The central ideas of 20,000 Days on Earth, which inform both its aesthetics and much of its content, are memory and the fear of losing it. The film is constructed as a collage: unordered ideas, recollections, archive photographs and videos without overall narrative form the bulk of its content. Forsyth and Pollard make use of the day in the life narrative in order to organise this disparate material, grounding the film and offering a familiarity and structure to otherwise nebulous content. After the noisy video art style opening credit sequence, which draws attention to Forsyth and Pollard’s history working in the art world, the film’s narrative content can be summed up as the following: starting in Brighton, Cave drives to meet his psychotherapist Darian Leader; we are invited to watch one of his sessions take place; Cave then drives to band member Warren Ellis’ house for lunch; this is followed by an exploration of the Nick Cave archive brought to Brighton from the Melbourne Art Centre and with Cave settling down to watch Scarface with his two twin boys in the evening. Even if one were to ignore the inclusion of Ray Winstone and Kylie as real or imagined car passengers throughout Cave’s driving sequences, these aforementioned scenes feel fictitious, staged and with little documentary ‘realism’. And this seems to me to be one of the most important elements of the film. The overwhelmingly distracting fakery of these scenes draws attention to Forsyth and Pollard’s attempt to divorce themselves from the type of realism proffered by many documentaries indebted to cinéma vérité ideas and aesthetics.
With the self-consciously fabricated narrative in place, Forsyth and Pollard move to switch our attention to more important things: Cave’s thoughts and recollections on the nature of songwriting, the transformative power of music and the irremovable mask of the rock star. It is the intelligence and eloquence of Cave which rewards this unconventional study. There were times where I wished I had a transcript of what was spoken, as much of his thoughts have a value and depth seemingly rare to artists (or at least this is what critics, who believe it is they that have the final word, would have you believe). Abstaining from the classical talking head style, we watch Cave reveal ‘intimate’ secrets about his first sexual appearances, his fears and his father to a psychotherapist who is played by an actor. But what we fail to be rewarded is the type of gossip central to exploitative documentaries. Instead Cave is defensive and offers anecdotes which, like the narrative, could be constructed solely for the film. If Forsyth and Pollard’s film successfully creates one reaction in its audience, other than admiration, it is surely doubt. In 20,000 Days on Earth we are invited to interrogate everything we hear and see.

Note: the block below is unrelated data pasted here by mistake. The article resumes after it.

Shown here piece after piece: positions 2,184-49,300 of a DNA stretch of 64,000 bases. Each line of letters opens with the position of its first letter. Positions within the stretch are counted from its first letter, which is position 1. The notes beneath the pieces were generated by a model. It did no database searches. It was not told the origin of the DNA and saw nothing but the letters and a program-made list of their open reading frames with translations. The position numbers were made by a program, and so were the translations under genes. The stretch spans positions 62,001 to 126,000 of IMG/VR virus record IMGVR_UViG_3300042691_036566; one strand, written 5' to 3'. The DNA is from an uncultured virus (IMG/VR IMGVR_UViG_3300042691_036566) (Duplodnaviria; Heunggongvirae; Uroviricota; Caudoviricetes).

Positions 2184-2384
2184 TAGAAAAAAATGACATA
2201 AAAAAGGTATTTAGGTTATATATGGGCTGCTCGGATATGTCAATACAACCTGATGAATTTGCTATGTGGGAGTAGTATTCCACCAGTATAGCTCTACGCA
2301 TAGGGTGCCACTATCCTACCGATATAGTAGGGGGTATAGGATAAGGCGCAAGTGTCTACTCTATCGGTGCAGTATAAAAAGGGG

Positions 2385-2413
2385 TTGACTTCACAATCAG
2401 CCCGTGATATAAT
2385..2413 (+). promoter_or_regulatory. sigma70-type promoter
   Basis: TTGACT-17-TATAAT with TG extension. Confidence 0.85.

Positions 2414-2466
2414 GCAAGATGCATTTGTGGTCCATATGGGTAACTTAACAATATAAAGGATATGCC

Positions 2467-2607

If 20,000 Days on Earth is not the type of documentary that invades the privacy of its subject or calls upon the realism of its content, it is neither the type of music documentary that focuses just on the concert. Music is of central importance to the film – not just the recording or touring process but thinking about music, how it works and what it enables its performer and audience to achieve. Anecdotes about the transformation of an angry, dishevelled Nina Simone into an electric, indelible performer form the key to Cave’s musings on transformative capacity of music and the bulk of his lunchtime conversation with Warren Ellis. Some other asides enable us to explore Cave’s mental processes in ways usually obfuscated by his answers to other questions. For Cave, music is one of the only thing that does not die, that lives on after its creator is deceased. Music like the photograph captures a moment in time, preserving it mummified for eternity. And it is this fear of loss which haunts Cave. Through music, Cave has the powers of deification, creation and immortality. Some will read this as his arrogance, his self-confessed ostentatiousness yet it has an honesty rare in this film of self-conscious deceit.
Juxtaposed amongst these critical musings are studio recordings of songs for his 2013 album Push the Sky Away and performances in small gig spaces and the Sydney Opera House. These are all fascinating to watch with some moments acquiring the captivation of the corresponding sequences in Godard’s One Plus One. In addition, Forsyth and Pollard’s film makes use of montage, juxtaposition, startling sound design, shallow focus and other photographic techniques to create an original audio-visual experience expected of two artists working the field of cinema. We can just hope that their next film will have the power and depth of 20,000 Days on Earth.